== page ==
ascorbic acid, albumin, bilirubin.
c) Repair and de novo
enzymes E.g: DNA repair enzymes, Protease, Transferase, Lipase.
Coenzyme Q10 (CoQ10) is an essential component of the mitochondria - the
energy producing unit of the cells of our body. CoQ10 is involved in the
manufacture of ATP, the energy currency of all body processes.
Coenzyme Q10 (CoQ10) is
a vitamin-like substance, vital in the production of energy. It is also
called as ubiquinone since it is found in every cell. CoQ10 was first
isolated from beef heart mitochondria by Dr. Frederick Crane of Wisconsin,
U.S.A., in 1957
CoQ10 (2, 3-dimethoxy-5methylbenzoquione) is chemically classified as a
fat-soluble quinone ring attached to 10 isoprene side units, structurally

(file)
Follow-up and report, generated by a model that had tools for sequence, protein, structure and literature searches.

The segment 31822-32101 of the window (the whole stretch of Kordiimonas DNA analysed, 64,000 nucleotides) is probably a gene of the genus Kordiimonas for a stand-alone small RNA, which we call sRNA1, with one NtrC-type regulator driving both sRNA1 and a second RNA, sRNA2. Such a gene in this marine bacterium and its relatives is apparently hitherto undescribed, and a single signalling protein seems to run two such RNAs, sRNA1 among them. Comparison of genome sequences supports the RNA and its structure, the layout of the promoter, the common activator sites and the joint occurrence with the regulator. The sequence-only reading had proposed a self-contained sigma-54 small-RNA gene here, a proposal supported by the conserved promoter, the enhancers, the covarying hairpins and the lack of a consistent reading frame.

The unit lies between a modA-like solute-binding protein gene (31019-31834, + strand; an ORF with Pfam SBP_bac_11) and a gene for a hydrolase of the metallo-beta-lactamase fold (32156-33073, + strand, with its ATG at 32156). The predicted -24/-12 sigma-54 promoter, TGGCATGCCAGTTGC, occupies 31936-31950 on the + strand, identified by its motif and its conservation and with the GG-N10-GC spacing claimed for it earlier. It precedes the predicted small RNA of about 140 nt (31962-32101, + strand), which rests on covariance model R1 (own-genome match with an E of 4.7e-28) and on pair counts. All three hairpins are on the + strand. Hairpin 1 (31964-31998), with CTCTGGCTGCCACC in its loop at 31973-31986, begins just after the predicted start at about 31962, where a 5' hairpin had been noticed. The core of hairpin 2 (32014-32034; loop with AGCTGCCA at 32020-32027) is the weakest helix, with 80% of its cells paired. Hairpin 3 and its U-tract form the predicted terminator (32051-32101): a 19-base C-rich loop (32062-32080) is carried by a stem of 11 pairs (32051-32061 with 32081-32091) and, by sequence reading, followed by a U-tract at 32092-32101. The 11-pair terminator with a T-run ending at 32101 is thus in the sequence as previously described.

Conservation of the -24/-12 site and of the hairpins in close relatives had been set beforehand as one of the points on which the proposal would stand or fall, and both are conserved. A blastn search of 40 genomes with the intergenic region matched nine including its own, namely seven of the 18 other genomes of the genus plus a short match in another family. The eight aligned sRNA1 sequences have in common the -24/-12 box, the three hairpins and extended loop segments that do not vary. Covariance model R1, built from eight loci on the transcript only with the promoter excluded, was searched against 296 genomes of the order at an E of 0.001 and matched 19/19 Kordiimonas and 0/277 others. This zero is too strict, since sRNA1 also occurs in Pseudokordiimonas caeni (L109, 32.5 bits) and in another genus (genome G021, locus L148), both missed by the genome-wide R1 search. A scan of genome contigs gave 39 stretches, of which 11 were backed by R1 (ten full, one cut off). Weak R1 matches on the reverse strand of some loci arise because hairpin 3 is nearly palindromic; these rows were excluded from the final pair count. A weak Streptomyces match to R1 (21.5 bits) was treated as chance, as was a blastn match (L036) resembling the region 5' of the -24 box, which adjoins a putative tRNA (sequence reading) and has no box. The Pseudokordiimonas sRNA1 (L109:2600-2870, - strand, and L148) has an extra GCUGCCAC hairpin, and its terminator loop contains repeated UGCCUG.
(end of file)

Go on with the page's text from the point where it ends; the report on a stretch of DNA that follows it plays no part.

similar to vitamin K.
The primary action of CoQ10 is as a cofactor in the electron-transport
chain. It is found in relatively high concentration in cells with high
energy requirements such as heart, liver, muscle, and pancreas. Normal blood
levels range from 0.7 - 1.0micro g/mL and the total body content is
estimated to be 0.5 - 1.5g.
CoQ10 is synthesized in
human cell in an eight-step pathway, from amino acid tyrosine, and vitamins
such as folic acid, niacin, riboflavin, and pyridoxine.
CoQ10 are well absorbed by oral supplementation a peak plasma levels are
attained within 5 - 10 hours, with absorption being dependent on the fat
presence in the gastrointestinal tract. The elimination half-life of the
parent compound is approximately 34 hours; excretion is primarily through
the biliary tract and over 60% of the oral dose is recovered in the feces.
Mechanism of Action: